Israel and the Red Cross

By on 8.31.06 | 11:19AM

Today, the Washington Post recounts how Magen David Adom, the Israeli equivelent of the Red Cross, finally became a member of the international Red Cross, after nearly 60 years of being denied entry because it wanted to use the Star of David as its emblem. Missing from the article was a recounting of a 1999 incident, in which Cornelio Sommaruga, former head of the International Committee of the Red Cross (ICRC), was quoted as saying, "If we're going to have the Shield of David, why would we not have to accept the swastika?"

Gas: Giant?

By on 8.30.06 | 5:09PM

Everyone seems to expect President Bush's unpopularity to be a huge drag on Republican candidates in November. But the funny thing about Bush is how closely his approval ratings correlate to gas prices. So if it's true that the price at the pump is poised to keep falling for months, shouldn't we be more optimistic about the GOP's fortunes this November?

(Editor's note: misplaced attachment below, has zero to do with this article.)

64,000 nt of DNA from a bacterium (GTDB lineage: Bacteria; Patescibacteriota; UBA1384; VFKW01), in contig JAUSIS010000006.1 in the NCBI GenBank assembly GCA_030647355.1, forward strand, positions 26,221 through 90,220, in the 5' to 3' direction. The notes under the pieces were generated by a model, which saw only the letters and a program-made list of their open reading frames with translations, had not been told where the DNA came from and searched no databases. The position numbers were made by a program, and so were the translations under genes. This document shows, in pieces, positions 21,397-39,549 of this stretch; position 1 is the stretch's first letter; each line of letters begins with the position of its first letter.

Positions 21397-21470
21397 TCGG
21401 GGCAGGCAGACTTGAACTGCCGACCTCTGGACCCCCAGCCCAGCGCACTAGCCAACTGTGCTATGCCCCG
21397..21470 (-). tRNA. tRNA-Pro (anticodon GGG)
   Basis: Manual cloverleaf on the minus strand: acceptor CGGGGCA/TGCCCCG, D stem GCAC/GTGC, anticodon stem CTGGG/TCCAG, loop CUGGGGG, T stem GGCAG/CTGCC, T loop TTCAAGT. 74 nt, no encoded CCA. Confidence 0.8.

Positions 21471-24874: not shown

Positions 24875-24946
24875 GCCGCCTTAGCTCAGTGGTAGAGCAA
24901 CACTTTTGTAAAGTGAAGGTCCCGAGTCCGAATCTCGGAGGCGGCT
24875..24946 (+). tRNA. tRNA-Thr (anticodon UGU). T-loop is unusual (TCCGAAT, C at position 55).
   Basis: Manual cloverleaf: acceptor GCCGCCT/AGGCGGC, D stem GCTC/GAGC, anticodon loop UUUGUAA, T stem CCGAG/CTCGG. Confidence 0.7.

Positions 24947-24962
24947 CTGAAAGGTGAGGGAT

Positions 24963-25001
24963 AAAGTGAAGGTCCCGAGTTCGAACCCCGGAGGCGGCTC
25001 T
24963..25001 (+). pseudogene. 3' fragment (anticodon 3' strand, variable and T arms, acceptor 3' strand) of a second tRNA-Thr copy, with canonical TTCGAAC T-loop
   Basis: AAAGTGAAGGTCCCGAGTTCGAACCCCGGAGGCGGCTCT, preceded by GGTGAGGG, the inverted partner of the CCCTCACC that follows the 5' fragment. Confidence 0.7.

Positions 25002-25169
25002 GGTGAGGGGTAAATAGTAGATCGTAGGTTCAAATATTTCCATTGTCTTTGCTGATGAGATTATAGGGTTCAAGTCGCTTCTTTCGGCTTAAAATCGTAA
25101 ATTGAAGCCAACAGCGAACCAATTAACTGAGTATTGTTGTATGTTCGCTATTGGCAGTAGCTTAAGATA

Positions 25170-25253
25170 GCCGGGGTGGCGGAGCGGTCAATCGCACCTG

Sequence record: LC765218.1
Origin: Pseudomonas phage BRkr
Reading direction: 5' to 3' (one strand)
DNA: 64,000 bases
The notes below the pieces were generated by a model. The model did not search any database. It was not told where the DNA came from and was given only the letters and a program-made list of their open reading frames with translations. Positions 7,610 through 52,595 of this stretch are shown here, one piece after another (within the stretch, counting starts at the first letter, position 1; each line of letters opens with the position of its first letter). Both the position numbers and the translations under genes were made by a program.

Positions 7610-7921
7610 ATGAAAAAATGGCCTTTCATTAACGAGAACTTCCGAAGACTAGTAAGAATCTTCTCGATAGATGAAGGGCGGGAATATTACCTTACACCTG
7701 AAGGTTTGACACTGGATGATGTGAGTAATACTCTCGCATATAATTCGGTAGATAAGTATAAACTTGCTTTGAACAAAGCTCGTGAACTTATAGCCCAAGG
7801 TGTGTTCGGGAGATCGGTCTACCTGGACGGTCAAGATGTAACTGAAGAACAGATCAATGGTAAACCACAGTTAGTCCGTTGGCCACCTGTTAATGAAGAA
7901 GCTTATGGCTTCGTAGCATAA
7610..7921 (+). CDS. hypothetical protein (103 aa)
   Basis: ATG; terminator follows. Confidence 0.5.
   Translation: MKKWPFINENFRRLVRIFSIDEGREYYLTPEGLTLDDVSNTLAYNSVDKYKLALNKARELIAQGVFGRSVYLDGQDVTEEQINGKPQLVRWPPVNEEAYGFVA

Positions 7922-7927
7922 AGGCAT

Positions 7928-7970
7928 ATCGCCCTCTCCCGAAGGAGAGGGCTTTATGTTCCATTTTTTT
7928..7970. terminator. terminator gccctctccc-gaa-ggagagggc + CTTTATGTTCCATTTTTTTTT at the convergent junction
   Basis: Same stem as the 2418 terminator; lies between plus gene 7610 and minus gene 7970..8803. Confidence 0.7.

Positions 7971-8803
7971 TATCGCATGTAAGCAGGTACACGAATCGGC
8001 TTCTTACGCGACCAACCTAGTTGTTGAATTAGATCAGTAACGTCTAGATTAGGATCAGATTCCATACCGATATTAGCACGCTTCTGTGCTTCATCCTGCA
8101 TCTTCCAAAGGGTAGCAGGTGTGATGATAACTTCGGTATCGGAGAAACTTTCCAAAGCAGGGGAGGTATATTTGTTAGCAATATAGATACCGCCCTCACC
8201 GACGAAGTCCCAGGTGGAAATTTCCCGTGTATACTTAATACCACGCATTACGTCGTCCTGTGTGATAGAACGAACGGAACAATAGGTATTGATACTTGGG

Hard Data on Rudy in 2008

By on 8.30.06 | 3:19PM

Given our Giuliani discussion, I thought it would be worthwhile to point out some data from the latest Cook Political Report/RT Strategies Poll. It backs up what I've been saying about Rudy's chances of capturing the Republican nomination.

The headline number is that Giuliani is the first choice of  32 percent of Republicans, McCain, his closest rival, is at 20 percent. Meanwhile, Gingrich at 10 percent, Frist is at 8 percent, Romney is at 5 percent and Allen is at 4 percent.  

There have been questions raised as to whether Giuliani can succeed in the South, given his liberal social views. Well, a separate question asked respondents how they like certain politicians "as a person," on a scale from 0 to 100. In the South, Giuliani scored 62.4, which is higher than anyone else on the list, including McCain and President Bush.